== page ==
What If I Can't Afford Child Care?

What to Do When Day Care Costs More Than You Earn at Work

What If I Can't Afford Child Care?
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Families in the U.S. that can’t afford child care may have more options to their dilemma than they realize, including alternatives to traditional day care and more flexible work options. Whether a single parent or a couple raising kids, you may also be able to pay for or subsidize the cost of child care through financial assistance programs.

Finding Financial Assistance for Child Care

Several programs exist to help families pay for or subsidize the cost of child care. You’ll have to do a bit of research to see what’s available to you, but it will likely be worth the time. Start by looking into the options below.

State programs. Each state offers child care assistance that’s funded by the federal government, but eligibility requirements and fund availability vary by location. In some cases, states fund free or low-cost pre-K programs for children ages 3 to 5 years old.

Child Care Aware of America provides a map that lets you choose your state and view all of the child care resources available there. You can also reach out to your local Child Care Resource and Referral agency to find more affordable care options where you live.

Head Start. Other federally funded initiatives include the Early Head Start and Head Start programs, which provide care and child development services to low-income families and their kids from birth to age 5. Find out the location of your nearest Head Start center and contact them to see if your family qualifies for their services.

Military assistance. If a member of your family is in the U.S. military, you may be able to get help paying for child care. Select your branch of the military on Child Care Aware’s website to find out what’s available to you. Some child care providers also offer their own discounts to military families, but you’ll need to reach out to each provider to find out what they offer.

Tax breaks. If you’re working and have a child or dependent who can’t be left alone, you may qualify for the child and dependent care tax credit. This credit subsidizes a percentage of what you pay for child care, and it’s based on your income.

Alternatives to Traditional Child Care

Options for child care go beyond day care programs, nannies, or child care centers. In some cases, these options may be cheaper than the more traditional routes.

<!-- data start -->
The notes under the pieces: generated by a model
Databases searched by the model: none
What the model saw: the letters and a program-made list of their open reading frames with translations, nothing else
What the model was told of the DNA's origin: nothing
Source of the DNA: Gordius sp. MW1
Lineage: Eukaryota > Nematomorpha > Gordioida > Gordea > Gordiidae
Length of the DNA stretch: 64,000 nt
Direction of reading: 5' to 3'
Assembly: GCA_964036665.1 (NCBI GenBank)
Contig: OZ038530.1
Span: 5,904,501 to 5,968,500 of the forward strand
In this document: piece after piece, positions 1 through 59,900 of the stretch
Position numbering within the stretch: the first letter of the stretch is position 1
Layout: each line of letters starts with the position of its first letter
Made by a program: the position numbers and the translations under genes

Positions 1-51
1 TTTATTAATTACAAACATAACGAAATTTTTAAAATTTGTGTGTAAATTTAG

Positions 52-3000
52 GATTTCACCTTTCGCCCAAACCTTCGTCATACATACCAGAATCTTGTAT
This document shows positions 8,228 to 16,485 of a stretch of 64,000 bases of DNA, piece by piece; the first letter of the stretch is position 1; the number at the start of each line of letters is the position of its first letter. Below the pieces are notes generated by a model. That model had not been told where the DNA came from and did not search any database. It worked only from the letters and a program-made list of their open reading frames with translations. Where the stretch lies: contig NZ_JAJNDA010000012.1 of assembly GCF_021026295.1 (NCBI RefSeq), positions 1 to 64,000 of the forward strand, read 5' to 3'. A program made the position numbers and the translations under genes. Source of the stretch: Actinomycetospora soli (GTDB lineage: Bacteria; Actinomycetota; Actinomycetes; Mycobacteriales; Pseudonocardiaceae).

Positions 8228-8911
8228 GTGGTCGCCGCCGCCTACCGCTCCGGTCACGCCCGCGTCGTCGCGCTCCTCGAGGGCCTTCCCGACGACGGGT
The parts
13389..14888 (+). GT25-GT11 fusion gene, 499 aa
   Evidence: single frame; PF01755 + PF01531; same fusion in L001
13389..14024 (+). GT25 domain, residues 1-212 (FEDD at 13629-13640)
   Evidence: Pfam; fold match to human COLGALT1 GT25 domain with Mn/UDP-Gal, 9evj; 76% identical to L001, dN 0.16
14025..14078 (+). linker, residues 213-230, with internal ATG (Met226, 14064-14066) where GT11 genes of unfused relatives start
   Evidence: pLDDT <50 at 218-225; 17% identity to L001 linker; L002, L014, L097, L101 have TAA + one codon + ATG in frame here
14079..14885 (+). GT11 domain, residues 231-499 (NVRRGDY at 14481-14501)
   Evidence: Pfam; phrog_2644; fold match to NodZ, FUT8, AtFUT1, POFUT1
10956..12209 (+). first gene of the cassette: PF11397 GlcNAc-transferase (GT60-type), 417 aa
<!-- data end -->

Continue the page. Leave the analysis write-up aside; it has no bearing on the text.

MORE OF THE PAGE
Nanny shares. With this model of child care, two or more families share a single nanny. In some cases, the nanny watches all of the kids together, and in other cases, the nanny alternates based on your work schedules and needs. Nanny shares may work well for families that don’t need full-time day care, or for neighbors with similar schedules. Since multiple families are contributing to the cost, they usually end up paying less than they would for other child care, and the nannies are able to earn more money than they would at a child care center or working for a single family.

Child care co-ops. This is another shared child care option. A child care co-op is essentially a group of parents who know and trust each other to take turns watching each others' children. Usually, no money changes hands. You're providing free child care in exchange for other parents’ free child care services. This can be especially beneficial to part-time workers and parents who have varying schedules. You may need to take the initiative to set up a child care co-op in your area if one doesn’t already exist.

Alternating schedules. If you have a partner who is raising children with you and you can’t afford child care, you may look into alternating schedules. This way, one of you is always home with the children when the other is at work. This option is usually a last resort, because it means you won’t get to spend much time with your partner.

Work Options for Parents

If the cost of day care is eating into your budget too much but you don't qualify for assistance, consider some alternative ways to make money, either to supplement or replace your current work. Those include consulting or any freelance work you can do using a computer, pet sitting or dog walking, and tutoring.

Depending on what you do, you can also check with your current employer to find out if it's possible to start working from home full time or part time. Some jobs are difficult to do with children underfoot but may offer more flexible schedules so that you can work after your kids are asleep or before they're awake in the mornings.

No matter what you decide to do regarding working and caring for your children, get a good picture of your finances and create a budget for your family. Doing so will not only help you stay on track with monthly expenses but also help you save for your child's future.